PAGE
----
You've probably landed on this page because you clicked
learn more on the warning on one of the unicode text converter tools.
That's because the output of those tools cause accessibility issues.
This page exists to explain those issues — and to convince you to either not use those tools, or to use them in a way that doesn't ruin people's experience of the web.
In addition to the accessibility issues — they also have a strong association with spam and scams — more information can be found at the bottom of the article.
- Skip to accessibility issues
- Skip to how to solve these issues
- Skip to association with online spam and scams
What is unicode?
To a computer everything is a number.
For a computer to work with the alphabet you need to give each letter a unique number.
For different computers to work together — they all need to agree on which letters are assigned which numbers.
Unicode is the system the world uses to make sure every computer agrees on which
character is assigned which number.
Here's some examples:
captial Ais given the number
The world has thousands of languages which have
unicode symbols too:
Unicode is also used for
Without a system like
unicode the internet would not be possible — this page would just be a mess of the wrong symbols.
Unicode mathematical symbols
Unicode has many symbols used in math and phonetics — and these symbols often resemble stylised letters of the latin alphabet.
These are intended for use in mathematics, but instead people use them to write stylized text online — often on social-media sites that don't have the option to use bold or italic text.
Here's an example of what it looks this text looks like (it may not render on your device)ᴛʜɪs ⒤⒮ 𝘀𝗼𝗺𝗲 𝔣𝔞𝔫𝔠𝔶 𝕥𝕖𝕩𝕥 𝓉𝒽𝒶𝓉 🄻🄾🄾🄺🅂 𝚏𝚞𝚗𝚔𝚢 🅐🅝🅓 𝒘𝒆𝒊𝒓𝒅.
It's true. It does look funky and weird — but it also comes with some serious accessibility issues.
Screen readers are an assistive technology that reads the contents of the web aloud.
When a screen reader reads 𝕥𝕙𝕖𝕤𝕖 𝕤𝕪𝕞𝕓𝕠𝕝𝕤, it doesn't interpret them visually — it correctly interprets them as the symbols that they are.
So a sentence like: "please buy my plastic 𝔤𝔞𝔯𝔟𝔞𝔤𝔢" is read aloud as "please buy my plastic mathematical fraktur g mathematical fraktur a mathematical fraktur r mathematical fraktur b mathematical fraktur a mathematical fraktur g mathematical fraktur e".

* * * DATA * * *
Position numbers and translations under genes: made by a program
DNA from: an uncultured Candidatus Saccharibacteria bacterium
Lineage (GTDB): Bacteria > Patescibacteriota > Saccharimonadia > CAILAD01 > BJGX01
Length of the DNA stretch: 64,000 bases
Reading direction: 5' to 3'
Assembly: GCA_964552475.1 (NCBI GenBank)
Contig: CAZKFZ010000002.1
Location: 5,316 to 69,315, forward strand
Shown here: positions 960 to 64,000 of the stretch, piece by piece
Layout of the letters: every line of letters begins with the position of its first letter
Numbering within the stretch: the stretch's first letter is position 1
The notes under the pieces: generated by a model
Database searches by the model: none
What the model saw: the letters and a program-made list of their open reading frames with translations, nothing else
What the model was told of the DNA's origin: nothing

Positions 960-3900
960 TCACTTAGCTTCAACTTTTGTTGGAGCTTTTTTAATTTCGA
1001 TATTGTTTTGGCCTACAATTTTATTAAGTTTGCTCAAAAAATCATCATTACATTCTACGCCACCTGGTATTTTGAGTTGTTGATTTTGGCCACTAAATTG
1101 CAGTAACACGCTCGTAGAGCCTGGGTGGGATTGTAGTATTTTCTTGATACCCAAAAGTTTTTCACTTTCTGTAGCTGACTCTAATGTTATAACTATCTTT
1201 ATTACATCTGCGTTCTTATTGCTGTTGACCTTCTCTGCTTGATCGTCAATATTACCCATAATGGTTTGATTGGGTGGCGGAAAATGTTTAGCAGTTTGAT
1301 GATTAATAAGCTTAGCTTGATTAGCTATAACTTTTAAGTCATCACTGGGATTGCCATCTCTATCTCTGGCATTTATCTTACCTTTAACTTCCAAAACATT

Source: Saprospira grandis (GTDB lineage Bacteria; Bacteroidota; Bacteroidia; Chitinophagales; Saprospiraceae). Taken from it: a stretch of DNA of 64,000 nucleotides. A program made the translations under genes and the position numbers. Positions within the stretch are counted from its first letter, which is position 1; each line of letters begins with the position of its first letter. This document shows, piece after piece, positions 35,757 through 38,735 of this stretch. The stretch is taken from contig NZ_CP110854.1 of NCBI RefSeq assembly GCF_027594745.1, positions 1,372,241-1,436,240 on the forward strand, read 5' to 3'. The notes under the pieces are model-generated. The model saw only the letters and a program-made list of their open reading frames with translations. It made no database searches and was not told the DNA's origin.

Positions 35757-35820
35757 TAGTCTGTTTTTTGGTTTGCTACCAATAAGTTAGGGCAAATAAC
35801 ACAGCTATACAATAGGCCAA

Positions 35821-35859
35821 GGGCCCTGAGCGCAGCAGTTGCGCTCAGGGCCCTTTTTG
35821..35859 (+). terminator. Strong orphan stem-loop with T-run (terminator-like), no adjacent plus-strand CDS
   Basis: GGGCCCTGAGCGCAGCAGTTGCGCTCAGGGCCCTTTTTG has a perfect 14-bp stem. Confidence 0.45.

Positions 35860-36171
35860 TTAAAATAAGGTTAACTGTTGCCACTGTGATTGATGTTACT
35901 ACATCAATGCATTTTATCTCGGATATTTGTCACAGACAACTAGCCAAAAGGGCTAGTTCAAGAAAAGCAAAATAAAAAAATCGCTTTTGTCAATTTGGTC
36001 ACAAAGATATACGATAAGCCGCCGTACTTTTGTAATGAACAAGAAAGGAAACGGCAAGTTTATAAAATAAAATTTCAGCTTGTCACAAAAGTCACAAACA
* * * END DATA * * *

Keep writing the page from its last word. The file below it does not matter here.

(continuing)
Which is incredibly frustrating — and destroys any chance of the author selling their plastic garbage to screen reader users.
Unicode contains over
100000 letters and symbols and they add more every year.
To have an image saved on your device for every single one of these symbols would take up a lot of memory — and be a lot of work for the device creators.
It's not surprising that many devices don't render these symbols at all. Instead they show a bunch of squares.
This is a familiar experience for anyone who has received a message containing a brand new emoji!
How to solve these issues
Social media and messaging apps
Some social media sites and messaging apps allow you write bold and italic text — and have unintentionally made this a hidden feature.
However, many sites and apps don't allow users to style text. So the simple solution is don't use these symbols — I hope this article has convinced you not to.
Instead allow the content of your words to speak for themselves — or just quit social media and go outside a look at a flower.
If you're new to web development and want to stylise text — then you need to learn some
css. You can learn more about it here — MDN — CSS: Cascading Style Sheets
If you need to use these symbols on your website — like they are used on this page — and want screen readers to read them correctly — wrap them in an element with the
aria-label attribute, like so:
<span aria-label="your text">𝕪𝕠𝕦𝕣 𝕥𝕖𝕩𝕥</span>
or if the symbols you are using a purely decorative, and have no meaning for the reader. Use an
aria-hidden attribute instead.
Association with spam and scams
In addition to accessibility issues — unicode symbols like these have a strong association with spam and online scams.
One of the ways email and text message spam filters detect a spam message is by searching the email's content for specific words or phrases.
Some spammers hope to avoid detection by replacing these words or specific letters in these words with stylized characters.
Because of this, many people associate these stylised characters with spam.
Confusables and homoglyph attacks
Scarier than spam. Criminal hackers use these unicode characters to trick you into giving up access to your online accounts.
For example — lets say your example bank has a website with the example url
Someone may send you an email pretending to be your bank asking you to log into your account. It looks real, so you click on the link — and the link opens a website that looks identical to your bank's website.
url is the same — but it's not the same! Instead of saying
example.com it says
𝚎𝚡𝚊𝚖𝚙𝚕𝚎.com or subtler still
еxample.com. (this one uses a Cyrillic
This is called a homoglyph attack — a homoglyph is a character that looks very similar to another character.
Unicode keeps a catalogue of all these homoglyphs to help people build tools to prevent such attacks. Unicode refers to them as
Avoid the association
The association with spams, scams, online crime, make these unicode character extra worthwhile not to use.
You may even find that your emails and text messages go straight to people's junk mail.